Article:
Our research aims to develop capabilities to decarbonise of the energy sector and transition to renewables resources. This is achieved by developing clean synthetic fuels and novel design of combustors which will power future engines, propulsion systems and industrial processes.
Our goal is to power conversion technologies and contribute to the development of future energy systems including near-zero emission devices, micro-reactors and fuel cells.
Other important focus areas of our research include combustion safety, fire suppression, and reduction of fire and explosion risks.
Our research into the development of novel, clean and sustainable energy solutions that ensure transition to a low emissions economy includes:
Our research is conducted within the advanced facilities within our Clean Combustion Laboratory, which we also use for consulting work on a range of industrial problems including air conditioning, heat transfer and fire safety.
Our research is providing a novel understanding of a turbulent combustion environment that spans the entire regime from non-premixed to stratified and then premixed. This is highly relevant to lean combustion gas turbines and direct-injection engines where mixed-mode combustion prevails.
The burner provides a challenging platform for combustion modellers where the requirement is for a single-model to be able to compute all modes of combustion.
The project is highly relevant to combustion in direct-injection engines and gas turbines where compositional inhomogeneity and high rates of shear dominate the flow within the combustion chamber. Developing a database for model validation in well-controlled burners is important.
This is made possible with the piloted inhomogeneous burner designed and built at the University of Sydney. In the burner, the reacting mixture is introduced through two annular tubes such that the inner tubes can slide upstream of the jet exit plane. Both shear and compositional inhomogeneity can be introduced independently by varying the composition, the velocity ratio and the recess distances of the inner tube with respect to the annulus.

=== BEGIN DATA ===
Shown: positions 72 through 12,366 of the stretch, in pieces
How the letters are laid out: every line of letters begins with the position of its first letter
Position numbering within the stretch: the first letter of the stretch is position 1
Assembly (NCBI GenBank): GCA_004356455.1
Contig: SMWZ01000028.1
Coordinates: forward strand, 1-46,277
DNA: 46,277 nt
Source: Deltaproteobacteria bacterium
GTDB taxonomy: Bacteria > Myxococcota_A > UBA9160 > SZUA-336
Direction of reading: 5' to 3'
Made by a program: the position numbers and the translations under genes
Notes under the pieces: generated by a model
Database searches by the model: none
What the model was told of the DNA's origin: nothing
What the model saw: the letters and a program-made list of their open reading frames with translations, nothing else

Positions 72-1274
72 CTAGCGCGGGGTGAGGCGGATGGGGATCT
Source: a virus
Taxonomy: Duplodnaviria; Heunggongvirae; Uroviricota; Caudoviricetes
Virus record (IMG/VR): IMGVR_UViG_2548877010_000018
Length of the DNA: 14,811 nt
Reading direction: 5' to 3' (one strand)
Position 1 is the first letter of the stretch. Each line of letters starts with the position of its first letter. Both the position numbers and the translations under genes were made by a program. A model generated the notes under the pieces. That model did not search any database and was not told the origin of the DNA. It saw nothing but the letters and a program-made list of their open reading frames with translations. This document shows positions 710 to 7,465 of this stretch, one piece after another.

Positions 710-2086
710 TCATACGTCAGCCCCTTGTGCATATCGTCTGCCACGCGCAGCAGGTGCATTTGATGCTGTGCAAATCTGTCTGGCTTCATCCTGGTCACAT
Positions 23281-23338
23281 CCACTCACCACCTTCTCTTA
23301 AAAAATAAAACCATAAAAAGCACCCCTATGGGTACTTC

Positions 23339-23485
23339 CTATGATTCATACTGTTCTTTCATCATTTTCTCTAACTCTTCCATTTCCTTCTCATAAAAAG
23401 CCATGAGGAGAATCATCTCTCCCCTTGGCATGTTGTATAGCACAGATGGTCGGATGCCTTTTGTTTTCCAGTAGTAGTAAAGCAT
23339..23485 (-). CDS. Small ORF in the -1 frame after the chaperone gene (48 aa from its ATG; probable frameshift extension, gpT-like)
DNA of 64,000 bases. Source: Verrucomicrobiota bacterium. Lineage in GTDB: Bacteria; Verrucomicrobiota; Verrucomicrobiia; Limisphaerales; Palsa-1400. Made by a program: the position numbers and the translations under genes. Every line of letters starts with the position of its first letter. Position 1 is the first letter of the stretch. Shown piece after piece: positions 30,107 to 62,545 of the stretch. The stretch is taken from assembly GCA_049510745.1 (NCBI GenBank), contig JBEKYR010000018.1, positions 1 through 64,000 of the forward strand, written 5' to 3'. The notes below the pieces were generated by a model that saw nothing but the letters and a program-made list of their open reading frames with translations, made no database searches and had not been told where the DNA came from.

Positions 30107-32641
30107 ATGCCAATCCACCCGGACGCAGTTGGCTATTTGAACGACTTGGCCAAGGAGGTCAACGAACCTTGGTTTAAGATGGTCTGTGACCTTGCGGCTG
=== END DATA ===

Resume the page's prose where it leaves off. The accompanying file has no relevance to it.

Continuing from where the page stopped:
A parallel experimental and numerical program is continuing to explore various research aspects of mixed-mode flames and to enable their computations.
We aim to resolve the complexities of the primary and secondary atomisation of sprays to enable control over the subsequent formation of droplets. Standard backlight shadowgraph imaging is performed to dual angle and double-pulse to enable the direct visualisation of the shape, volume and velocity of liquid fragments of irregular shapes.
Atomisation is induced by air-blast, flow-blurring, and/or electrically charging the sprays. Dual-angle particle tracking velocimetry (PTV) approach are employed to provide extremely useful information on spray morphology including quantification of volume flux in atomising sprays.
Turbulent combustion of sprays are studied using advanced imaging diagnostics to resolved the structure of reaction zones. Such information is valuable for the development of modelling capabilities for spray jets and flames.
Auto-ignition is the key mechanism that initiates combustion in compression ignition engines. We aim to resolve the complexities of the process with respect to a range of fuels and coflow conditions. A jet-in-hot-coflow burner has been developed for this purpose and been used to study a range of gaseous and liquid fuels over a range of coflow conditions.
Resolving the complexities associated with the initiation, growth, and emission of ultra-fine particles that pollute our atmosphere is one of the critical unanswered questions at the frontier of combustion and aerosol science. That’s why we’re applying complex experimental and numerical methods to bring about a more detailed understanding of the mechanisms of soot inception.
In particular, we’re focused on the transition from molecules such as polycyclic aromatic hydrocarbons (PAH) to nanoparticles, which forms more mature soot. Our studies span a range of fuels as well as a range of flames from laminar to turbulent.